Campaigning for upcoming general elections has begun in the East African country of Burundi amid the novel coronavirus outbreak, as well as political harassment, local media reported on Monday.
Seven candidates are vying for the office of President Pierre Nkurunziza, in power since 2005, after authorities announced on April 7 that elections would go ahead despite the virus.
Burundi has 11 confirmed COVID-19 cases so far and one death, as well as four recoveries, according to figures compiled by the US-based Johns Hopkins University.
In a statement, the Human Rights Watch said health authorities in the country blocked journalists from entering a COVID-19 press conference, indicating that the government is trying to suppress information about the pandemic.
“Violence and repression have been the hallmark of politics in Burundi since 2015, and as elections approach and the COVID-19 pandemic unfolds, tensions are rising,” Lewis Mudge, the Human Rights Watch Central Africa director, said on Monday.
“There is little doubt that these elections will be accompanied by more abuses, as Burundian officials and members of the Imbonerakure [ruling party youth wing] are using violence with near-total impunity to allow the ruling party to entrench its hold on power,” warned Mudge.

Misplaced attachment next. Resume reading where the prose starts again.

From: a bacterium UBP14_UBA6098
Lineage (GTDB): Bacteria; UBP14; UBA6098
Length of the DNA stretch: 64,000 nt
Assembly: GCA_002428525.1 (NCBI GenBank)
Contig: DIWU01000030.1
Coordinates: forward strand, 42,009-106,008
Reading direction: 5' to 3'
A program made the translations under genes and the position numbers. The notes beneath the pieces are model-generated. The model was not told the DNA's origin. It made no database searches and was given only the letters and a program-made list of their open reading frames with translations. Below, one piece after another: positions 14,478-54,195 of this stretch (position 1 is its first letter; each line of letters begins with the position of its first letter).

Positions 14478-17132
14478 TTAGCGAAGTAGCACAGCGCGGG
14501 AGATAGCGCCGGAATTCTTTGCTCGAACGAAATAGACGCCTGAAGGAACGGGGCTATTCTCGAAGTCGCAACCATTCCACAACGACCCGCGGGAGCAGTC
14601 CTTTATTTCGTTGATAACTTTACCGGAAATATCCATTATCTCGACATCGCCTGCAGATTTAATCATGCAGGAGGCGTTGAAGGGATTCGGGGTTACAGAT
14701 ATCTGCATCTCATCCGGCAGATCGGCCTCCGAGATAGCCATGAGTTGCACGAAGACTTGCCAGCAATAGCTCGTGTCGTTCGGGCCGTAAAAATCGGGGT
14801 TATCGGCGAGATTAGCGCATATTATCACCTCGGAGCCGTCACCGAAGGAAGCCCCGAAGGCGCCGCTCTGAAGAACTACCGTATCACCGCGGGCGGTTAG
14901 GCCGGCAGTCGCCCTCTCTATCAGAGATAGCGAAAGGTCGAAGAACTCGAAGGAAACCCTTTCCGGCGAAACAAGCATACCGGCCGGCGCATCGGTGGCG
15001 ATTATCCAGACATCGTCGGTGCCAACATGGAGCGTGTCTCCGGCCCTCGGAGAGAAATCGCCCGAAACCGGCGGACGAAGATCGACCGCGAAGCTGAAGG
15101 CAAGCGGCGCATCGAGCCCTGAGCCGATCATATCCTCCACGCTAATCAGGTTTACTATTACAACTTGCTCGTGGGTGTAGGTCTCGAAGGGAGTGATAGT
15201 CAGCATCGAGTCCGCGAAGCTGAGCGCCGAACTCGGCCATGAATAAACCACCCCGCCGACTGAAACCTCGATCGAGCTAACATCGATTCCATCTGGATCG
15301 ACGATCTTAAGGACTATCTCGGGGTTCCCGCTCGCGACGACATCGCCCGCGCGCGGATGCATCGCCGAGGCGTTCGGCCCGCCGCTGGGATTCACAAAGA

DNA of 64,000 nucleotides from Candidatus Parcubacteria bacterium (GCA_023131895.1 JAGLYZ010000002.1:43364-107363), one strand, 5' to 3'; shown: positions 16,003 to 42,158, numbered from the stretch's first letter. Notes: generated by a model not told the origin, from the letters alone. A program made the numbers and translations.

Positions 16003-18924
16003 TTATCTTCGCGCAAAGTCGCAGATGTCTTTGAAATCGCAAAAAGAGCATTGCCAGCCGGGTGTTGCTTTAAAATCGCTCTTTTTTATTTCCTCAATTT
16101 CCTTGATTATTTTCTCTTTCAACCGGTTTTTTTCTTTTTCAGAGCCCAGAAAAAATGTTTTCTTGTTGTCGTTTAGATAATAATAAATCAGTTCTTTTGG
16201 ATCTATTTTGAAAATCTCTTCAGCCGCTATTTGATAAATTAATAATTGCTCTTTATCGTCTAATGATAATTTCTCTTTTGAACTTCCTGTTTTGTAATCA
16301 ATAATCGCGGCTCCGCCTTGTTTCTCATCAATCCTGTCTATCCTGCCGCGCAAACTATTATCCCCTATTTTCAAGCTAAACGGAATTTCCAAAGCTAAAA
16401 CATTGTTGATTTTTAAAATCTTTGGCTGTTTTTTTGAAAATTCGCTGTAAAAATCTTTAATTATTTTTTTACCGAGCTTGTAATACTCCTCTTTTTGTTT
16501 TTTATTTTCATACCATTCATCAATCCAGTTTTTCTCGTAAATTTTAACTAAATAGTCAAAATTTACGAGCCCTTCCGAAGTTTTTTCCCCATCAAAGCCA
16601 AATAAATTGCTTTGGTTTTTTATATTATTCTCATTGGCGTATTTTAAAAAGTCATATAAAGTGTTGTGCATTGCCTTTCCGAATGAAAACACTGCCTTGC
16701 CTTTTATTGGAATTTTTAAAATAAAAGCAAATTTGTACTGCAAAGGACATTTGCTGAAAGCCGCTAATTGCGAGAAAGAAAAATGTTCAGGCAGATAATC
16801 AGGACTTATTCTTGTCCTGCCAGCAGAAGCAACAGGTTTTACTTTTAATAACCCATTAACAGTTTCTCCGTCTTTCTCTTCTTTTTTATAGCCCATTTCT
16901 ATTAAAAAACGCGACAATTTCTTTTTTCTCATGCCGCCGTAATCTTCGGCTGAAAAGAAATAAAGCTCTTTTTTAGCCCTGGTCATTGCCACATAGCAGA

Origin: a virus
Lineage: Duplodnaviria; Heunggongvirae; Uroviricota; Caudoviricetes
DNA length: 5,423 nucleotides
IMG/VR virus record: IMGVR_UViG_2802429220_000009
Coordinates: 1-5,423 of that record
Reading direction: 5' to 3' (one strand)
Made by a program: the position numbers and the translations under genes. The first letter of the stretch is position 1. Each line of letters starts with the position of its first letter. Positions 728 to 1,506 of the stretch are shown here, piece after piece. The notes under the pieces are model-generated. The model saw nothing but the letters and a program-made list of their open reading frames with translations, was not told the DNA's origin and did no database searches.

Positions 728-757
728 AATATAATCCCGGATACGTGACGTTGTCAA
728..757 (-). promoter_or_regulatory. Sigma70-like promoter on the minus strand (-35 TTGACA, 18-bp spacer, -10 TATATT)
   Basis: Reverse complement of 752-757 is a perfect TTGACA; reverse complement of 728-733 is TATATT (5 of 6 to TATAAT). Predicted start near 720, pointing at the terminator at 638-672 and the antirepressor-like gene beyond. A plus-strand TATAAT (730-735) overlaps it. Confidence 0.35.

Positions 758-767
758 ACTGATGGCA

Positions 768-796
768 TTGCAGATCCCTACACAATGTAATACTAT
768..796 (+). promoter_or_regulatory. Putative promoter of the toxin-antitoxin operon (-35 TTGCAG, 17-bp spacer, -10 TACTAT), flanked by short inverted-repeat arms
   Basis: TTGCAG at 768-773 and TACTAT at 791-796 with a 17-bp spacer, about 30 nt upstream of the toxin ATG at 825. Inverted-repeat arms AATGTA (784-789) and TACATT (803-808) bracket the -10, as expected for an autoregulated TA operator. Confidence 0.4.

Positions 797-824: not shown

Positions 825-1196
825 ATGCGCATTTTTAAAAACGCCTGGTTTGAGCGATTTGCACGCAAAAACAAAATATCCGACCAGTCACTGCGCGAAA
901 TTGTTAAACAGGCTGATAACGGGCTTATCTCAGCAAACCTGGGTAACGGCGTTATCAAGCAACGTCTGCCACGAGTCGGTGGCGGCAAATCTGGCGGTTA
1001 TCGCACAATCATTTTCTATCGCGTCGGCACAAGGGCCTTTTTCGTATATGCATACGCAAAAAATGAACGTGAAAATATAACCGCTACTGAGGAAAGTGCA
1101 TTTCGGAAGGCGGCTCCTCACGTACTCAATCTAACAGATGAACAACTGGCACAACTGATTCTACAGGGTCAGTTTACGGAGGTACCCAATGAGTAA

The campaign is free, but it prohibits the candidates from using abusive and defamatory words by any means, Pierre Claver Kazihise, the head of the country’s electoral commission, said on Saturday.
Burundi was marred by violence in 2015 when Nkurunziza announced his candidacy for a controversial third term, whereas only two terms are allowed by the country’s constitution.
The crisis led to hundreds of deaths and forced hundreds of thousands to flee the country to seek refuge in neighboring states, according to the UN.
Last December, Nkurunziza said he would not run for another term.
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